Moderna Delivers First Experimental COVID-19 Vaccine for Human Testing

February 25, 2020 Updated: February 26, 2020
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Moderna, a U.S.-based drugmaker, has sent the first batch of an experimental vaccine against the new coronavirus to federal researchers to test in humans.

Moderna sent the vaccine from its Norwood, Mass., manufacturing plant to the National Institute of Allergy and Infectious Diseases (NIAID), which is based in Bethesda, Md., and part of the National Institutes of Health (NIH).

The shipment came just 42 days after the company selected part of the genetic sequence of the virus.

The institute expects to start a clinical trial of around 45 people within six weeks, NIAID Director Anthony Fauci said at a press conference on Tuesday. He said that the gene had been expressed in the platform of messenger RNA and the material was produced and put into mice.

Initial results could be available as soon as July. But any vaccines will likely take until next year to become available on the commercial market because of the need to conduct additional studies and clear regulatory hurdles. A phase two trial would involve hundreds if not thousands of people to determine efficacy, Fauci said.

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Men wearing protective face masks walk at the Shahr-i-Naw area in Kabul, Afghanistan, on Feb. 5, 2020. (Wakil Kohsar/AFP via Getty Images)

Fauci, speaking last month on a panel in Washington, said that phase one trials take about three months and focus on making make sure the vaccine is safe. A phase two trial would take at least six months but possibly over eight months, he said. If the vaccine passes the trials, it takes additional time to scale up for major distribution.

“A vaccine may not solve the problems of the next couple of months, but it certainly would be an important tool that we would have,” he said on Tuesday.

Moderna’s efforts are being funded by the Norway-based Coalition for Epidemic Preparedness Innovations, the company and group announced in late January. The coalition is also funding efforts by Inovio and the University of Queensland in Australia to develop vaccines against the new COVID-19 disease.

“Through our partnership with Moderna and the NIH, we hope to speed the development of a vaccine against the coronavirus and help to alleviate the burden of disease,” Richard Hatchett, the coalition’s CEO, said in a statement.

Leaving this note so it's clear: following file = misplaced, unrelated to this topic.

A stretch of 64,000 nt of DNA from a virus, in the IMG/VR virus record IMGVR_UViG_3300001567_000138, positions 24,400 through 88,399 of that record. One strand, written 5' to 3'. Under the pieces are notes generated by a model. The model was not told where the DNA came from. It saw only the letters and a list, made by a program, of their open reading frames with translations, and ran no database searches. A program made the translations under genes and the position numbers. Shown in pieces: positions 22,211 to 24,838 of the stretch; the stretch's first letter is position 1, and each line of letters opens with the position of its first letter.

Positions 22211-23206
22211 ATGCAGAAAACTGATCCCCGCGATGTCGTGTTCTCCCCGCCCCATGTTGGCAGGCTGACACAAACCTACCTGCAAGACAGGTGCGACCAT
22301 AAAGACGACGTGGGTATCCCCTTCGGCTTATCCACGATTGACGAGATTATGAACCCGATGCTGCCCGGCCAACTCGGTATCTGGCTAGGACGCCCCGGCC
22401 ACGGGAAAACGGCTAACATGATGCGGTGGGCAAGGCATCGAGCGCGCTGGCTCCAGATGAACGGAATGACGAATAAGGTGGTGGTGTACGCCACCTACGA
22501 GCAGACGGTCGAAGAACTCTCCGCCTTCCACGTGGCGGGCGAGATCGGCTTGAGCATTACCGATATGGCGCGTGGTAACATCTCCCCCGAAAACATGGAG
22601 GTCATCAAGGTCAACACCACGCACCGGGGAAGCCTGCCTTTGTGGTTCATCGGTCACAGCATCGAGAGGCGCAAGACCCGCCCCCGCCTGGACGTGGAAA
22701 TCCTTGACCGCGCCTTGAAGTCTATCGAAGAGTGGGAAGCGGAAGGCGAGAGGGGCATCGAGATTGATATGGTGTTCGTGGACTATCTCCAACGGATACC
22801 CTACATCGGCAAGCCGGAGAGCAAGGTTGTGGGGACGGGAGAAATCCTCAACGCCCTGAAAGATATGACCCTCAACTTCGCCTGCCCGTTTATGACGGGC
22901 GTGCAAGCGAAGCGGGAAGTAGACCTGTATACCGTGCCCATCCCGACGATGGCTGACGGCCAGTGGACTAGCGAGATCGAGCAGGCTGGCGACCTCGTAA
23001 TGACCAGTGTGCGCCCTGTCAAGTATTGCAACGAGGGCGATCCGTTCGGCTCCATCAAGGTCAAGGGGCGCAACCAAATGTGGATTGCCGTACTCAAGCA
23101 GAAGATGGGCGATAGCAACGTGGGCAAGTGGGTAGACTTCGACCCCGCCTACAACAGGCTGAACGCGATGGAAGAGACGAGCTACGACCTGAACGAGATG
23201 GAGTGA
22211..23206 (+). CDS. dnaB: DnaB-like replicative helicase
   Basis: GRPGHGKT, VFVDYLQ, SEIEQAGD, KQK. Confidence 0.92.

Moderna’s vaccine uses or mRNA, or messenger RNA. The genetic molecules carry the information from the DNA in the nucleus of the cell to the cytoplasm where the proteins are made, according to NIH.

The approach of using mRNA carries potential advantages including the ability to mimic natural infection to stimulate a more potent immune response, combining multiple mRNAs into a single vaccine, and rapid discovery to respond to emerging pandemic threats, according to the company. Moderna has no approved vaccines but has nine being tested or developed, including one for the Zika virus.

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A computer image of a model structurally representative of a betacoronavirus which is the type of virus linked to COVID-19, better known as the coronavirus linked to the Wuhan outbreak. (NEXU Science Communication/via Reuters)

Other companies are also working on vaccines. Johnson & Johnson’s vaccine division, Janssen, is working with the Department of Health and Human Services’ Biomedical Advanced Research and Development Authority to develop a vaccine.

“Janssen is a proven partner with a flexible, rapid, vaccine platform which gives us an edge in the race to protect people in the U.S. and worldwide from the health security threat posed by this Novel Coronavirus,” Rick Bright, director of the authority, said in a statement earlier this month announcing the partnership.

The department is also working with Sanofi Pasteur, the vaccines global business unit of Sanofi, to develop a vaccine using Sanofi’s egg-free recombinant DNA platform.

“The technology produces an exact genetic match to proteins of the virus. The protein’s DNA will be combined with DNA from a virus harmless to humans, and used to rapidly produce large quantities of antigen which stimulate the immune system to protect against the virus,” the department said in a press release. “The antigens will be separated and collected from these cells and purified to create working stocks of vaccine for advanced development.”

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A man wearing a face mask rides a bike filled with food supplies in Wuhan, the epicenter of the Novel Coronavirus outbreak, Hubei province, China, on Feb. 24, 2020. (Stringer/Reuters)

Other researchers are working on testing existing drugs on coronavirus patients. Two clinical trials conducted through the World Health Organization’s R&D Blueprint, a plan that allows the rapid activation of research and development activities during epidemics, are expected to produce preliminary results around mid-March.

One of the trials is using lopinavir and ritonavir, two drugs typically used to treat HIV, or human immunodeficiency virus infection. The other trial is testing an antiviral drug called remdesivir that was developed by Gilead Sciences.

Dr. Bruce Aylward, an expert from Canada who is leading an organization team in China looking at the outbreak there, told reporters on Monday that experts believe remdesivir might have “real efficacy.”

He called for diverting more resources into treatments that are promising, saying, “We have got to start prioritizing enrollment into those things that may save lives and save them faster.”

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